Whether an award of attorney fees against either party would cause such party substantial financial detriment

The court will look at both parties’ financial situations and whether an award of attorney fees would pose a substantial financial detriment to one party. The court will not make such an order if it deems doing so would likely cause the other side to suffer substantially due to paying such a fee.

Whether either party engaged in conduct during the litigation that delayed the final resolution of the case

In awarding attorney fees, the court may consider whether conduct during litigation delayed resolution of a matter to either party’s disadvantage. Cases in which such conduct occurred would typically be where one side has unnecessarily lengthened an already long and drawn-out case through their own actions or omissions.

Such conduct would typically take the form of delay by one party in completing discovery, extending the time to file a motion for summary judgment, or dragging out negotiations.

Some judges currently include a provision in their orders awarding attorney’s fees that makes the payment of those fees contingent on an agreement by both parties to mediate all future issues involving the children or marital estates. 

This assists the party awarded attorney’s fees because, under North Carolina law, “any monetary judgment entitling one spouse to payments from the other spouse is subject to immediate wage withholding as ordered by a court of competent jurisdiction” according to North Carolina GS 50-13.4(b).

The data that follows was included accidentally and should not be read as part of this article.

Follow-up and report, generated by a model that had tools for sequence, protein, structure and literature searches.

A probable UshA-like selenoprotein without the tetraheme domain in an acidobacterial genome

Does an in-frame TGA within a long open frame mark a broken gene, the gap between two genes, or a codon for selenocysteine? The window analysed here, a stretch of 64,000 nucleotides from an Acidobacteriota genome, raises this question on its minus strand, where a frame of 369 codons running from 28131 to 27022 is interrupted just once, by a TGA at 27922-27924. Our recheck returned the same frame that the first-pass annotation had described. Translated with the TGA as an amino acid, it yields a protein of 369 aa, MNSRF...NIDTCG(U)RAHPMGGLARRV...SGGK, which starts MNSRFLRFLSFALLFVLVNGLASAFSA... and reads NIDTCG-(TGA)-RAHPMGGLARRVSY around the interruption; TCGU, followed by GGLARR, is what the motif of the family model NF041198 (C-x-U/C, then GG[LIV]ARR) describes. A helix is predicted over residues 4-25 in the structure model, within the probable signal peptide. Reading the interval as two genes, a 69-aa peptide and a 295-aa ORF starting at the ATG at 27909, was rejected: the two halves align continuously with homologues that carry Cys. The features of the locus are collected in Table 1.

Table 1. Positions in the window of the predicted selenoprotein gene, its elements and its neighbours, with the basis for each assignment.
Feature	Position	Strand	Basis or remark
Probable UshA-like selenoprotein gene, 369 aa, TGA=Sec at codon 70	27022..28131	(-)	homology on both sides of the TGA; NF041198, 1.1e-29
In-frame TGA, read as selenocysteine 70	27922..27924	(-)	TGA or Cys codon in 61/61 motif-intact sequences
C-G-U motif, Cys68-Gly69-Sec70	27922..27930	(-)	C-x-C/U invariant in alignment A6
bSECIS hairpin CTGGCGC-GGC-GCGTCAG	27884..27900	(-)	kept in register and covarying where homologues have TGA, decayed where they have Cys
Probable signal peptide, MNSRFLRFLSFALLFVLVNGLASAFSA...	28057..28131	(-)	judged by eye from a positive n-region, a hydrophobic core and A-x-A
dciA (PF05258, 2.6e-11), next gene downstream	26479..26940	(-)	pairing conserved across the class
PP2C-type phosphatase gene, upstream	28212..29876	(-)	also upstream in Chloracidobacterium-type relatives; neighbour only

Thus, if a party is awarded attorney’s fees and fails to pay them under the court order, they can be subject to immediate wage withholding.

How and when to ask for attorney fees

If you need your spouse to pay some or all attorney’s fees, it’s important to talk with your attorney about that at your initial consultation. Before trial, you can ask the court to award you attorney’s fees in your final pretrial order. You can make this request via motion or pleading in the final pretrial order, which requests the court to rule on your request for attorney’s fees after the trial.

You can also request attorney’s fees if your spouse has been resistant to a proposed settlement agreement that you have negotiated in good faith. If you and your spouse reach a mediated settlement, but then your ex-spouse fails to honor the agreement, you can request that your ex-spouse cover your attorney’s fees.

Our North Carolina Divorce Attorneys Can Help

All legal fees’ settlement options in a divorce matter are impacted by the circumstances of your marriage and each party’s financial status. Getting experienced legal counsel from Schulz Stephenson Law can help you navigate the intricacies of how legal fees are paid during and after your divorce. Contact us today if you would like to schedule a confidential consultation with an experienced and compassionate North Carolina divorce attorney.